For individual companies, the gap can be large.
General Motors Co. has the biggest difference. In 2014, GM contributed $913 million to its pension plans, while paying out $7.4 billion.
GM's funded status worsened to 76.7% at yearend 2014 from 80% in 2013. While its total plan assets in 2014 were $80.4 billion, up from $79.1 billion in 2013, its plan liabilities rose more to $104.8 billion from $99 billion.
“We don't expect (to make) a significant mandatory contribution for the next five years,” said Tom E. Henderson, GM spokesman.
AT&T Inc. has the second-biggest gap, contributing $562 million, while paying out $6.5 billion in pension benefits.
AT&T's funded status worsened to 75.6% at year-end 2014 from 83.5% in 2013. Its total plan assets in 2014 were $45.1 billion, down from $47.2 billion, while its liabilities rose to $59.5 billion from $56.5 billion.
“In 2013, we voluntarily contributed a preferred equity interest in AT&T Mobility to our pension fund,” McCall Butler, AT&T spokeswoman, said in an e-mail. “This includes an annual cash dividend of $560 million, and a commitment to contribute an additional $700 million” in total through 2017.
“When you include the $9 billion value of the preferred equity interest in AT&T Mobility that we contributed to the pension fund in 2013, more than 90% of our pension is funded,” Ms. Butler said, although she added the Mobility stake, while included under ERISA rules, is not included under accounting rules in AT&T's pension assets in its 10-K.
“As legally required, we will continue to fund our plan consistent with these commitments and to maintain the ERISA required funding levels.
“We're comfortable with our current level of funding and the contributions we'll make through 2017,” Ms. Butler said.
Mr. Hackel said, “companies cannot continue to have a multiple of benefit payments over employer contributions (and) continue to lower their cash contributions,” worsening funding levels.
“They have been able to capitalize on the very big (equity) market we've had the last four years,” Mr. Hackel said. He added that the stock market rise could “turn around, which it mostly will now that the Fed (could start) to raise rates. These contributions have got to rise very substantially, double if not triple.”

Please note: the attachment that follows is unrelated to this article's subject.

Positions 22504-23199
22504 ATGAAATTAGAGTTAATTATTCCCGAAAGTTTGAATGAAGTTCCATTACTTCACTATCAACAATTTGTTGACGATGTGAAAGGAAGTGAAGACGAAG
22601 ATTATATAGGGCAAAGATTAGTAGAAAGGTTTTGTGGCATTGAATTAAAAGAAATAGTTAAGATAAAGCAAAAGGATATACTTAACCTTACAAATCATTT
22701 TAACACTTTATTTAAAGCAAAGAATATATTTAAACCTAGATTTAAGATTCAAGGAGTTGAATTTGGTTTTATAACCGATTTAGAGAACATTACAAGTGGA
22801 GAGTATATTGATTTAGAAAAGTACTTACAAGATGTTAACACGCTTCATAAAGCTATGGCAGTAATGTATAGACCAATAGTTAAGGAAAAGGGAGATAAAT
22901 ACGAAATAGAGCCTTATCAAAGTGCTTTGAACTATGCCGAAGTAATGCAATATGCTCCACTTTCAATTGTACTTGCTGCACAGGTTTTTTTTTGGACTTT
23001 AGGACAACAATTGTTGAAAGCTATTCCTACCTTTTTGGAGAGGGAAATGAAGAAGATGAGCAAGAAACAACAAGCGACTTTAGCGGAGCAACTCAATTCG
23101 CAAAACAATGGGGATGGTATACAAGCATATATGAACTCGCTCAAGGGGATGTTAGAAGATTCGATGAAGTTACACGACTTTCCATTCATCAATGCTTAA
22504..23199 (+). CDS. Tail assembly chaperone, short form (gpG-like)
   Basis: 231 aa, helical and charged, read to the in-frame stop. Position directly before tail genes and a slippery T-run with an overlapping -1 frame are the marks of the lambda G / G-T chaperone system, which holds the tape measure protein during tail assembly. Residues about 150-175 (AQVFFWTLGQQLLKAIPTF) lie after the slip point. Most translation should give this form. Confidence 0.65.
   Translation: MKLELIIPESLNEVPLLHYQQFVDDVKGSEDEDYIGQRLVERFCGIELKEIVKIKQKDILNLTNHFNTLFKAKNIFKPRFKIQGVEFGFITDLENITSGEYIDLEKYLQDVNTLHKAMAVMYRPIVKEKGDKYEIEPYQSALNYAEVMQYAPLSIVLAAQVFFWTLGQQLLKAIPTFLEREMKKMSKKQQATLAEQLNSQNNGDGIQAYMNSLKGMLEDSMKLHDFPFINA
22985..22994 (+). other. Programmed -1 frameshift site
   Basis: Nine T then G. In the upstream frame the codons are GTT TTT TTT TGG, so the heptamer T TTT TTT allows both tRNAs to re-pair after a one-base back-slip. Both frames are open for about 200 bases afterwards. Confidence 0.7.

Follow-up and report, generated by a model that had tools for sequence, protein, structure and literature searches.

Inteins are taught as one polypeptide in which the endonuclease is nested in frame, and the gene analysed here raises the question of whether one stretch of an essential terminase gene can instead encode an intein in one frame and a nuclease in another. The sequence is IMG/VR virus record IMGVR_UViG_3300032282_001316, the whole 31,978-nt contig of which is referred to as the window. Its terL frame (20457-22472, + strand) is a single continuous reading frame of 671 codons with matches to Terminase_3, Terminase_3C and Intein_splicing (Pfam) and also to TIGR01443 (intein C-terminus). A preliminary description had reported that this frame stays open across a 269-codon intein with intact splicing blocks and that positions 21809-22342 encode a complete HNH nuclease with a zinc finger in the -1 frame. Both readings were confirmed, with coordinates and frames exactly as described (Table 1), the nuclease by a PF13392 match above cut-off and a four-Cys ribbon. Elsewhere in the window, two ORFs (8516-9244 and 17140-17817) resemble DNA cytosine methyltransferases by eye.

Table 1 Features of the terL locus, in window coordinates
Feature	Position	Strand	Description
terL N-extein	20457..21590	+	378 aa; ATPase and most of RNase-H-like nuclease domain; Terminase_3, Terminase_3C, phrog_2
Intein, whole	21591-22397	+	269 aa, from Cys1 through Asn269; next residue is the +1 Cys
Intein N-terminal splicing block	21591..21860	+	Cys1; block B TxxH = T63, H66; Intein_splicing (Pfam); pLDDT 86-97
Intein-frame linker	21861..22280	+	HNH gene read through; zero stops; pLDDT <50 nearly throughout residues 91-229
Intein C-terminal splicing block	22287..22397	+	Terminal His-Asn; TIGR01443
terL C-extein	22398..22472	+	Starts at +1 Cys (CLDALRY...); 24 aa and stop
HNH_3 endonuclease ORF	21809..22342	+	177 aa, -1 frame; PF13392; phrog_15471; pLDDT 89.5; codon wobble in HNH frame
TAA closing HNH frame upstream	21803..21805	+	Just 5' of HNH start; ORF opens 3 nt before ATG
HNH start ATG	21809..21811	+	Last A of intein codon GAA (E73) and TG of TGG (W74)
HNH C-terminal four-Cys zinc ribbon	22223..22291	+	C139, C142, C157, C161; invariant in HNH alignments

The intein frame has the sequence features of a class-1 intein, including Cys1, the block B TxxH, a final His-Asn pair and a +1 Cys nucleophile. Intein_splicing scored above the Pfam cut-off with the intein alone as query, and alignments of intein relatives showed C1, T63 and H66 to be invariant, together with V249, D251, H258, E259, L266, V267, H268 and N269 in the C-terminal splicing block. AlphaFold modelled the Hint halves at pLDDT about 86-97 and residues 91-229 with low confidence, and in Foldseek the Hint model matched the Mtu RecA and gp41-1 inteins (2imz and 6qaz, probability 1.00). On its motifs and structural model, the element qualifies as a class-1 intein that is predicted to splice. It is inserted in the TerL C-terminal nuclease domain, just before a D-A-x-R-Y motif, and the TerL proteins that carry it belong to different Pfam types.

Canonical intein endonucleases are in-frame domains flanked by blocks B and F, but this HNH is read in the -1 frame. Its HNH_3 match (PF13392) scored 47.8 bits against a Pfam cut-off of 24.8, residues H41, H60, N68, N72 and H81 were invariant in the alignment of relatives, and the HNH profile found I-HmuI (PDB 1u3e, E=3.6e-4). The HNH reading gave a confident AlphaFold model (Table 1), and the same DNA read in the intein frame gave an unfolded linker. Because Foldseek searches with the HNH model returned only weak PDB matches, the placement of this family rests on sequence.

As the pension plan funding relief phases out, the “impact to operations is going to be substantial,” Mr. Hackel said. “Larger pension contributions impact the financial structure” of corporations. “Stepped-up contributions to plans ... reduce a company's financial flexibility. It impacts their cash flows. It filters down to every phase of the companies' business.
“Absolutely it will hurt both the income statement and will change the (price/earnings) multiple and will also change the operating cash provided by the firm,” Mr. Hackel said.
“People think that, unfortunately, pensions (defined benefit plans) are a thing of the past,” Mr. Hackel said. “But they are not going away. They are not going away for many, many years. Twenty years from now they will have an impact on many of these companies. People are living longer.
“The health of the plan is the health of the plan, and nothing that Congress implements will change that,” Mr. Hackel said. “That doesn't change the necessity of funding” the plan.
Mr. Hackel didn't have an estimate of the impact on corporate income or stock valuation from an increase in contributions.